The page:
Dr. Annalijn I. Conklin is a scientist at the Centre for Health Evaluation & Outcome Sciences (CHÉOS) and an assistant professor at the University of British Columbia in the Faculty of Pharmaceutical Sciences. They are a former CIHR Postdoctoral Fellow at UCLA’s WORLD Policy Analysis Center following the completion of their PhD from the University of Cambridge. They also hold a bachelor of science (honours) from the University of Toronto, a research master of science from the University of Edinburgh, and a master of public health from Columbia University.
Their research focuses on the broader social-level factors, such as social ties and financial circumstances, which impact an individual’s ability to be healthy and choose healthy dietary patterns, with a particular focus on women’s health. Dr. Conklin is also a panellist at this year’s Women in Science event, Feb. 9, 2023.
I knew very little of women in science when I was growing up. Early on in my education, the only woman in science I was aware of was Marie Curie, a physicist and chemist, and the first woman to win a Nobel Prize. Her perseverance and dedication made her a role model, but I had few others to draw on.
Gender bias in science
During my first master’s program, my supervisor was a woman with her own lab and a team of mostly women. I received a lot of support in my training and found it encouraging to see what a woman in science could achieve. Despite my positive experiences working with women in science, I witnessed a lot of discrimination based on female sex and other social identities.
I also learned about many historical figures who were kept from success due to both individual and institutional gender bias, including Rosalind Franklin. Rosalind was instrumental in the discovery of the double-helix structure of DNA, but her work was downplayed, and she was actively discouraged from publishing by her male peers. Instead, James Watson and Francis Crick were credited for the discovery, even though their work was made possible by Rosalind’s X-ray diffraction data.
The gender bias I learned about and witnessed is one of the reasons I’m so passionate about gender justice in science and medicine.
The hardest lessons are valuable too
One major roadblock I experienced was the complete lack of supervision and support for my final thesis project while working to obtain my master of public health degree. I was forced to find a different supervisor, switching from a leading Black professor to a junior female professor. I received some negative reviews for my final grade, which led me to appeal, but my appeal was not granted.
During my postdoctoral training at UCLA, I faced a lack of commitment, oversight and knowledge of my research methods from my supervisor, a female dean, which caused significant delays and hindered my productivity and ability to publish. I resolved these challenges by seeking support and mentorship from other female faculty and by spending my time working on a separate independent project that led to a published paper.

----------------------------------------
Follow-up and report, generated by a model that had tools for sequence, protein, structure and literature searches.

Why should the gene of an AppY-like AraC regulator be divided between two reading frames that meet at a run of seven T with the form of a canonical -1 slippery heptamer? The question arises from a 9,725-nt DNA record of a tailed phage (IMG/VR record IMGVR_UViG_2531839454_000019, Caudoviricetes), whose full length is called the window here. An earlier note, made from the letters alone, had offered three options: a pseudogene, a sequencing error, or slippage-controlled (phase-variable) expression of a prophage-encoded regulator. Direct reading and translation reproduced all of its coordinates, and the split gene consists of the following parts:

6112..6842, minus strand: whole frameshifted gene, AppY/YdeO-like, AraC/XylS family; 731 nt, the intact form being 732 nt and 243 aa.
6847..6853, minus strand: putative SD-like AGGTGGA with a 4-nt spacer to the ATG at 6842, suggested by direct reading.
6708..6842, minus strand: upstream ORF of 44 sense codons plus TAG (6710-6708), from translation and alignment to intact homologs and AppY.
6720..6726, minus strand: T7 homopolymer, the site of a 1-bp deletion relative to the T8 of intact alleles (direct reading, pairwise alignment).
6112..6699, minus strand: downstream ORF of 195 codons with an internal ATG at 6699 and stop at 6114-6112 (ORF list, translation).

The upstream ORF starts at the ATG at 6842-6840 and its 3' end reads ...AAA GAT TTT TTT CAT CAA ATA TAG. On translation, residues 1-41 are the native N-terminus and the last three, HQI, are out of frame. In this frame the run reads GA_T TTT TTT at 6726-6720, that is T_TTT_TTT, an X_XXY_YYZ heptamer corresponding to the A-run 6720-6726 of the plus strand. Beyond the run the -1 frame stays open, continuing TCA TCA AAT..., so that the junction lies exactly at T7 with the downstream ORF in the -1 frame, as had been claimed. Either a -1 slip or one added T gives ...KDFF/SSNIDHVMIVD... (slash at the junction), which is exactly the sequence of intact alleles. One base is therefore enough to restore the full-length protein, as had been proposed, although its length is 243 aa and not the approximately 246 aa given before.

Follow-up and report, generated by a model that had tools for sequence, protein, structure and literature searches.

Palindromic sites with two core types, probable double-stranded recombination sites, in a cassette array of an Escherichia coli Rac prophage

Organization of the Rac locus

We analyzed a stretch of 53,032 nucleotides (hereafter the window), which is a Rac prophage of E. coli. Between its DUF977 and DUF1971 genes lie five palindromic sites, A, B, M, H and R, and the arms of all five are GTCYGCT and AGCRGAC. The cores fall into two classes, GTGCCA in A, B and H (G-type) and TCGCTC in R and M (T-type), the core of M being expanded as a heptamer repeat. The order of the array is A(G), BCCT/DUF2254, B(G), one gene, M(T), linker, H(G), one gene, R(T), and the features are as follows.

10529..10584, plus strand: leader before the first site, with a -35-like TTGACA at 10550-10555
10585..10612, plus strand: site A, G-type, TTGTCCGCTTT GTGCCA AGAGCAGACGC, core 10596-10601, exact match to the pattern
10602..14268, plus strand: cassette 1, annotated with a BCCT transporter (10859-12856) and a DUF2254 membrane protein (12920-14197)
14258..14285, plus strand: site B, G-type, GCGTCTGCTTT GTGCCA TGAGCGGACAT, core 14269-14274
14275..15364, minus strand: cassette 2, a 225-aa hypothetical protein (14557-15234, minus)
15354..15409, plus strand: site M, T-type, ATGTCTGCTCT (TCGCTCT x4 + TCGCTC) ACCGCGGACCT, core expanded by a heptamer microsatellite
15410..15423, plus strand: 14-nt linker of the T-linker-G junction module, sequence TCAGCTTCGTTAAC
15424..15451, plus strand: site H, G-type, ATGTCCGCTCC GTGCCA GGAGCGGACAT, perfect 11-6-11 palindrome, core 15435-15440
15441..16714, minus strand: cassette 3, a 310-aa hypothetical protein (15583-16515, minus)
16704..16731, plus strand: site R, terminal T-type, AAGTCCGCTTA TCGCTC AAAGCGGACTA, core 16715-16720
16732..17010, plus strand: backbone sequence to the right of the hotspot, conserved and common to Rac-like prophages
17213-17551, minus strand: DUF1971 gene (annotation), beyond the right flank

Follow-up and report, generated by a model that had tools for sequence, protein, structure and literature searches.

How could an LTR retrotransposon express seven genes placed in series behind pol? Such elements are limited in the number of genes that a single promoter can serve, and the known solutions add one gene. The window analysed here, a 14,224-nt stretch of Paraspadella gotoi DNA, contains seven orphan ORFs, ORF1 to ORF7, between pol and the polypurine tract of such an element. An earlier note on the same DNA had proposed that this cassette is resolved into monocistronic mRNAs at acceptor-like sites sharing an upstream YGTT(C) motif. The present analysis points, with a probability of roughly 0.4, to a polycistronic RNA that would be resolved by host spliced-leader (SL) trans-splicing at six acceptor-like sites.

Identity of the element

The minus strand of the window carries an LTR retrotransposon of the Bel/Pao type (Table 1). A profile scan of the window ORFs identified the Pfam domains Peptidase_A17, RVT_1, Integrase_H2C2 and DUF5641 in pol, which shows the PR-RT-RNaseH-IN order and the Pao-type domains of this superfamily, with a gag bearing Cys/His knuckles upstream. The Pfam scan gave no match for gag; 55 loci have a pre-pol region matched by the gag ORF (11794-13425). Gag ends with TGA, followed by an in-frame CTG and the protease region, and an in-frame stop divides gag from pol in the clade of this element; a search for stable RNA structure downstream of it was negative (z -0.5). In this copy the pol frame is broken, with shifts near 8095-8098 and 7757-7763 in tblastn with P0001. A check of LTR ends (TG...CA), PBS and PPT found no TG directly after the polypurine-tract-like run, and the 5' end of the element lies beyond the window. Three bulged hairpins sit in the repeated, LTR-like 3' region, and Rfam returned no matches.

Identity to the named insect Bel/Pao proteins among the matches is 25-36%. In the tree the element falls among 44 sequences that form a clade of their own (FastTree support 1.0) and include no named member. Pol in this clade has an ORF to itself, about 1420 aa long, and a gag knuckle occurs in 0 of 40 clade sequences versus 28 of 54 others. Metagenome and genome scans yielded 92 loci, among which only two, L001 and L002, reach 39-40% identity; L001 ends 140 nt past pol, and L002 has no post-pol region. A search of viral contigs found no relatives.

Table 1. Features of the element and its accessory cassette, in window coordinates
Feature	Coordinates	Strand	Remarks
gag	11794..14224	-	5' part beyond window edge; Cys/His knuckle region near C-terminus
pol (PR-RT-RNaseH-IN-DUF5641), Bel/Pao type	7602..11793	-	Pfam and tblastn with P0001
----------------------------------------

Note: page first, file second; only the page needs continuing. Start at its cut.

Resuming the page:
Both these experiences taught me valuable lessons about hierarchy, power in academia and perseverance when facing significant challenges.
Making an impact through research and mentorship
The most exciting impact my research has had resulted from a paper I developed with my Cambridge supervisor that examined price trends of each food group. The findings were implemented by The Food Foundation in the U.K. to be used as a policy monitoring tool, which is still being used today. My colleagues at Cambridge continue the analysis with updated food price data to help inform policy to address issues such as food insecurity.
While many aspects of my work are rewarding, the most gratifying impact of my work is training graduate and undergraduate students. I love teaching and sharing my knowledge and being part of creating the next generation of women in science.
Encouraging future generations of women in science
Schools, parents and society in general all play a role in encouraging girls and young women to pursue education and careers in science. Girls need to be given the opportunity to play games that involve math and science skills and attend events and exhibitions featuring women in science, so they can hear their stories and learn they belong in the sciences, too.
For those who decide to pursue a career in science, follow your passion and stay true to yourself in the career you want to pursue. Pick mentors that you know will give you their time and support rather than basing your decision on awards, accolades or number of publications. Talking to potential mentor’s lab members or grad students can give you great insight to help you make that decision. It may take some time to discover your passion, but if you keep trying new things, and you’re open to learning from mistakes and failures, you will find it.
Join us as we celebrate International Day of Women and Girls in Science
Thursday, Feb. 9, 2023
Click here for event details
Registration is open to high school students, university students, the health science community and the general public. The curriculum and discussion will be targeted for a grade 10–12 education level. The event will be hybrid with the option of attending in-person or virtually.
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